The Bremont MBII/TWG (The Watch Gallery): A Quick Overview

Jake Price
September 23, 2012
The Bremont MBII/TWG (The Watch Gallery): A Quick Overview

The Bremont MBII was designed by Nick and Giles English, the brands founders, to be the “definitive aviation chronometer” and to embody everything that is meant by the phrase “made in Britain.” This limited edition piece created in conjunction with British retailer The Watch Gallery in London was to take that a step further and create a totally one off MBII that would be severely limited in numbers.

Martin Baker

Martin Baker

With thanks to for the pictures.

This unique collaboration has taken the best the MB (Martin Baker) range has to offer, as well as a few surprises, and rolled it in to one watch. The result? The MBII/TWG, limited to 30 pieces worldwide.

The watch itself doesn’t look too dissimilar from the standard MBII watch, apart from the fact that the watch has the same yellow seconds hands and internal rotating bezel as the MBI, which you only become eligible to own if you have been (un)lucky enough to have ejected from an aircraft using a Martin Baker ejector seat.

Martin Baker

With thanks to for the pictures.

Arguably, the trademark of the MBII/TWG (and indeed all of the Bremont collection) is the Trip-Tick® case construction. This is unique to Bremont and means that the watch case is created of three pieces: the case back, the front of the case (including the crystal) and the central aluminium knurled and coloured barrel. The standard MBII line is available with three colours of barrel: green, orange and anthracite, and the MBI is available with only a red barrel. This limited edition MBII, however, has a midnight blue barrel (the signature colour of The Watch Gallery) which is complemented nicely by the aforementioned yellow accents on the dial.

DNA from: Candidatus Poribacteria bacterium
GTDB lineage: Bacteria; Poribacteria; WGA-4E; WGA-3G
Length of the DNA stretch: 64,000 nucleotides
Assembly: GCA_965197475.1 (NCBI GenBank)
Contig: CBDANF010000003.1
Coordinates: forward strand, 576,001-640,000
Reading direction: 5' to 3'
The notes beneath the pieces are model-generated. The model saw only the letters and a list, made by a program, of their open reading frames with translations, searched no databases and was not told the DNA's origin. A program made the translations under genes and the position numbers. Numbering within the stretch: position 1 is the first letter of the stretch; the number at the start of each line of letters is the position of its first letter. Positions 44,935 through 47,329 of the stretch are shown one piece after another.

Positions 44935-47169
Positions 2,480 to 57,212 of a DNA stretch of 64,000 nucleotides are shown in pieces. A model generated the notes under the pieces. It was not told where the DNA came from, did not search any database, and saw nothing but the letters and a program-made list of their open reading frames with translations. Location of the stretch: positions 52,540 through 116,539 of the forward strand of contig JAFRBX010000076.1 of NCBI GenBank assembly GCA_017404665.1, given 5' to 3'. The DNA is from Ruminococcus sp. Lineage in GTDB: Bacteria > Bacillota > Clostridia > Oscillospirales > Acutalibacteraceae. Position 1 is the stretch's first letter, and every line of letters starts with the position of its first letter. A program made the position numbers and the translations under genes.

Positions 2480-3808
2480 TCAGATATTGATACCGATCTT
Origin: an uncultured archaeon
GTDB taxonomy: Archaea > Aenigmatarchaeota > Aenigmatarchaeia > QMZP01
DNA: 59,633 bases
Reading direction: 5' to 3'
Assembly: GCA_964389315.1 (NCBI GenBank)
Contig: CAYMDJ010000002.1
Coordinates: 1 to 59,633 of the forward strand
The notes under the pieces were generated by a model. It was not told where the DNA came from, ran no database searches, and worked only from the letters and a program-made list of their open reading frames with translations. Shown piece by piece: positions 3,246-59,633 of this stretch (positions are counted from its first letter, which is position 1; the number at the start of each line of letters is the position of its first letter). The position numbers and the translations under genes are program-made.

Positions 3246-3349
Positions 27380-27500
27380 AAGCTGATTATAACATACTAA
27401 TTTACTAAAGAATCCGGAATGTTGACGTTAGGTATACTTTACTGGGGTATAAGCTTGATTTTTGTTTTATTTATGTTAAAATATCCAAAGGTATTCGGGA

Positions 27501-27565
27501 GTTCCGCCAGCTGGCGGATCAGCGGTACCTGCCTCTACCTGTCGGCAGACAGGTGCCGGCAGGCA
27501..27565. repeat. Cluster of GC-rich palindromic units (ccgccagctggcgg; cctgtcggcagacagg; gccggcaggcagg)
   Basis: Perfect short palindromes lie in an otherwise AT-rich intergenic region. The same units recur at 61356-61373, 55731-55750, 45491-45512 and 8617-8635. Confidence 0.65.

Where the watch really begins to shine though is when you turn the watch over, exposing the Bremont modified BE-36AE movement. This unique ‘open’ case back is only found on this edition of the watch and really makes it stand out from the other watches offered in the “Martin Baker” collection. The movement itself is nicely decorated and has a gold coloured skeletised (brass?) “Bremont” decorated rotor, along with Guilloché wave patterns adorning the rest of the movement. Along with these fine details, the addition of blued jewels by the Bremont watch makers is a lovely touch and really makes the movement pleasing to the eye.

Overall, The Watch Gallery limited edition Bremont MBII is a fine watch, and in my opinion, Nick and Giles certainly created something that is certainly worthy of the title the “definitive aviation chronometer.” I, for one, will be buying another Bremont soon, and I think you should too!

Article written by Jake Price for Fratellowatches

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Jake Price

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